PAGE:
Let's Normalize Consent

"Can I borrow your shirt this weekend?"

It’s a simple question, and you probably already know the answer when you ask it, but the simple act of asking is more important than you think. While you and your roommate should set boundaries (check out this HCAU article on living with roomies!), and sharing clothes may be within those boundaries, it is still important to ask for consent.

Consent is an agreement between two or more people to engage in an activity. Typically, we use the term “consent” when talking about sexual activity because every sexual activity requires consent by both partners. It must be freely given, reversible, informed, enthusiastic, and specific. Consent is also required in law, medicine, and research. Yet, because we only talk about consent when we talk about these situations, asking for consent feels very serious. Even though we know consent is required for sexual activity, it can feel weird in the moment. Sex should be fun and comfortable; you don’t want to ruin the mood by reminding your partner of the doctor’s office.

An AU student, Carly*, recalled that not talking about consent in high school or in her relationship led to conflict with her boyfriend at the time. Her boyfriend, Frank*, repeatedly made sexual advances toward Carly despite her consistently saying no. Eventually, she had to physically push Frank away which resulted in him being angry at her rejection. Looking back, Carly realizes that this situation was the first time she thought about consent; her high school classes and peers never discussed consent, and it was not a part of her daily life.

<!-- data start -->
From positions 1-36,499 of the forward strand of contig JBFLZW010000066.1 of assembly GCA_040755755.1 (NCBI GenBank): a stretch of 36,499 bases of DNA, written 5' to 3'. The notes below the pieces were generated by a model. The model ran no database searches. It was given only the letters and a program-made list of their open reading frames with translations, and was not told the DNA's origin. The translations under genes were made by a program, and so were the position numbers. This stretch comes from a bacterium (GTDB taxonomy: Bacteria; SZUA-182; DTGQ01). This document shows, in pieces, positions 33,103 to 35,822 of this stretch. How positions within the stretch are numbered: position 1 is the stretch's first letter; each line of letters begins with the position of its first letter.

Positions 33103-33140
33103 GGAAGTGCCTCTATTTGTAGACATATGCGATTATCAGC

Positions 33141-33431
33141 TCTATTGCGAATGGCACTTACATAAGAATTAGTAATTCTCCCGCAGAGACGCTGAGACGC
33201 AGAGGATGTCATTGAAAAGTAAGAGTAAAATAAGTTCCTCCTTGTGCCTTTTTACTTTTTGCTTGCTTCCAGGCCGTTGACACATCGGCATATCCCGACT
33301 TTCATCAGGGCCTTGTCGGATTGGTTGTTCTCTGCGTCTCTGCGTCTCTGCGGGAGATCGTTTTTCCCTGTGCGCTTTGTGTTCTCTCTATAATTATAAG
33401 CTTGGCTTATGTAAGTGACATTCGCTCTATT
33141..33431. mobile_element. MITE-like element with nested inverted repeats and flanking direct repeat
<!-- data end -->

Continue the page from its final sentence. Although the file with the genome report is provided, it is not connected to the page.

Carly believes that she would have felt more comfortable saying no, or even discussing her comfort level with her boyfriend if everyday consent was normalized. If we asked for consent multiple times a day, it might not feel as “weird” in a sexual situation. Want to take a picture of your friend? Ask for consent. Want to hold your friend’s hand while walking down the street? Ask for consent. Want to invite someone over to an apartment you share with roommates? Ask both parties involved for consent.

For example, a friend recently invited me over to dinner and asked if what he was cooking for dinner was okay. Of course, a good host would want their guests to be happy. However, this gesture means a lot to me because I am a very picky eater and struggle with eating in general. Furthermore, because he genuinely wanted me to be happy with the meal, I felt okay saying “no,” and suggesting that we agree on something else.

At first, it might seem ridiculous to ask for consent all the time, but we already do it. And we should do it. You should ask for consent any time you might be crossing a boundary or affecting someone’s personal space- out of respect for that person. While you might know that you should ask for consent before touching anyone because of different comfort levels and possible triggers, consent should not just be about avoiding triggers. Consent is really, in its innate form, just a way of respecting people. You shouldn’t eat your roommate's food or borrow a friend’s shirt without asking for permission.

For me, having someone ask me for consent makes me feel more comfortable saying “no” before they do something rather than “please don’t do that” after. Because I ask for consent to hold my friend’s hand, I feel more comfortable asking for consent during sexual experiences. By normalizing the act of asking for consent, we make sex more comfortable and safe, but in the process, we improve respecting people’s boundaries and choices.

Sources: 1

Photos: Her Campus Media Library